Epoxides may be cleaved by aqueous acid to give glycols that are often diastereomeric with those prepared by the syn-hydroxylation reaction described above. Proton transfer from the acid catalyst generates the conjugate acid of the epoxide, which is attacked by nucleophiles such as water in the same way that the cyclic bromonium ion described above undergoes reaction. The result is anti-hydroxylation of the double bond, in contrast to the syn-stereoselectivity of the earlier method. In the following equation this procedure is illustrated for a cis-disubstituted epoxide, which, of course, could be prepared from the corresponding cis-alkene. This hydration of an epoxide does not change the oxidation state of any atoms or groups.
In determining the structural formula of an alkene, it is often necessary to find the location of the double bond within a given carbon framework. One way of accomplishing this would be to selectively break the double bond and mark the carbon atoms that originally formed that bond. For example, there are three isomeric alkenes that all give 2-methylbutane on catalytic hydrogenation. These are 2-methyl-2-butene (compound A), 3-methyl-1-butene (compound B) and 2-methyl-1-butene (compound C), shown in the following diagram. If the double bond is cleaved and the fragments marked at the cleavage sites, the location of the double bond is clearly determined for each case. A reaction known as ozonolysis accomplishes this useful transformation.
Ozone, O3, is an allotrope of oxygen that adds rapidly to carbon-carbon double bonds. Since the overall change in ozonolysis is more complex than a simple addition reaction, its mechanism has been extensively studied. Reactive intermediates called ozonides have been isolated from the interaction of ozone with alkenes, and these unstable compounds may be converted to stable products by either a reductive workup (Zn dust in water or alcohol) or an oxidative workup (hydrogen peroxide). The results of an oxidative workup may be seen by clicking the "Show Reaction" button a second time. Continued clicking of this button repeats the cycle. The chief difference in these conditions is that reductive workup gives an aldehyde product when hydrogen is present on a double bond carbon atom, whereas oxidative workup gives a carboxylic acid or carbon dioxide in such cases. The following equations illustrate ozonide formation, a process that is believed to involve initial syn-addition of ozone, followed by rearrangement of the extremely unstable molozonide addition product. They also show the decomposition of the final ozonide to carbonyl products by either a reductive or oxidative workup.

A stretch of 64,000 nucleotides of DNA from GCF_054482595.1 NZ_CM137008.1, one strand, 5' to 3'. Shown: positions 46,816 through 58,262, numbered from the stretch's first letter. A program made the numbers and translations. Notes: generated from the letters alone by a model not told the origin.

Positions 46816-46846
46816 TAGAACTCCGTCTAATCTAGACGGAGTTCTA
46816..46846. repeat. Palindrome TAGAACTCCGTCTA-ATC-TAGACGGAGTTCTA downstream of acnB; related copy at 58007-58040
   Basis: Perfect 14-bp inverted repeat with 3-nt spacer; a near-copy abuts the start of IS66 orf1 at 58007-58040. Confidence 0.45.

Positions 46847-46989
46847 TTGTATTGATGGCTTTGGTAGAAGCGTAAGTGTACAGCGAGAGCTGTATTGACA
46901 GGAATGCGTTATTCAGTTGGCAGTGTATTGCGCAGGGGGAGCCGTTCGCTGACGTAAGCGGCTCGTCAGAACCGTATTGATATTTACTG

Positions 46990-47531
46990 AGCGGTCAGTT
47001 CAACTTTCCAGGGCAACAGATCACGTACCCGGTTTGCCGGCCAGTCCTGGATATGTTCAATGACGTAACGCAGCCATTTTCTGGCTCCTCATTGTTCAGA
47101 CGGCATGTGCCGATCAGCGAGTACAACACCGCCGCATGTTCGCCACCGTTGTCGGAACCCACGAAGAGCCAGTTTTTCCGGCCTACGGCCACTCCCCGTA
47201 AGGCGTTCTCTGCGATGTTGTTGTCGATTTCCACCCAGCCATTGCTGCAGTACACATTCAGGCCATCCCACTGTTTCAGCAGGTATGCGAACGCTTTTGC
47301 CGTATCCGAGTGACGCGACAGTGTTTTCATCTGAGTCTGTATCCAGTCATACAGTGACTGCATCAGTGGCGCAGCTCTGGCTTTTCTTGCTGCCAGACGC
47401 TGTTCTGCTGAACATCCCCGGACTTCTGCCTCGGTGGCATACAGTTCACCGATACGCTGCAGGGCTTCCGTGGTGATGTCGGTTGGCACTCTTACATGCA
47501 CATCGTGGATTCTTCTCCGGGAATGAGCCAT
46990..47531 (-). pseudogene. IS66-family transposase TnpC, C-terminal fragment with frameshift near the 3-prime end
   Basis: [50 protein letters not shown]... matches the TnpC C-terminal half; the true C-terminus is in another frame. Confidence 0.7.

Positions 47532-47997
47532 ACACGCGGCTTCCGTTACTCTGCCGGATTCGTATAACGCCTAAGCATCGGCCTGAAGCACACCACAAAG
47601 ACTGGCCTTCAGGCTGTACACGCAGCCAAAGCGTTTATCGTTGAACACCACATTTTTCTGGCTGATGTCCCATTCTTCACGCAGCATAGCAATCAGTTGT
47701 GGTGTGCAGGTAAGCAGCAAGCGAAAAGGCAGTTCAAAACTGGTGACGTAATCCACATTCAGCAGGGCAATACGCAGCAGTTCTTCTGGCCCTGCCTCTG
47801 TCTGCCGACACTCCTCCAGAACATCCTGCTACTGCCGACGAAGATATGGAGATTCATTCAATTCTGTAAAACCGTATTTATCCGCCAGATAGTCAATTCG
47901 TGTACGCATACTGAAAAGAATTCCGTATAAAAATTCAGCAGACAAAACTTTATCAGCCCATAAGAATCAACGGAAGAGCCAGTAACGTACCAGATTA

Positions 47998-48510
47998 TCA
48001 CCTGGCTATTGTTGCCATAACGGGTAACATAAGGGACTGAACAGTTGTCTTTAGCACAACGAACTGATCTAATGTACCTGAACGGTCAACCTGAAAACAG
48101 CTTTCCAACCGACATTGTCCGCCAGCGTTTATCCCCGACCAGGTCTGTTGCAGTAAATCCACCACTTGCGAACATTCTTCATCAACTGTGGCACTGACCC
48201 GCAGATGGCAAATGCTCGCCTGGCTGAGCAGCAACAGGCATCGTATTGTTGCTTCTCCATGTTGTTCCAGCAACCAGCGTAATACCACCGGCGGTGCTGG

Ozonides exist in natural organic compounds, include some important medicines. Artemisinin is a Chinese herbal medicine which has been shown to be effective in the treatment of malaria.
Glycol cleavage reactions
The vicinal glycols prepared by alkene hydroxylation (reaction with osmium tetroxide or permanganate) are cleaved to aldehydes and ketones in high yield by the action of lead tetraacetate (Pb(OAc)4) or periodic acid (HIO4). This oxidative cleavage of a carbon-carbon single bond provides a two-step, high-yield alternative to ozonolysis, that is often preferred for small scale work involving precious compounds.
As a rule, cis-glycols react more rapidly than trans-glycols, and there is evidence for the intermediacy of heterocyclic intermediates (as shown), although their formation is not necessary for reaction to occur.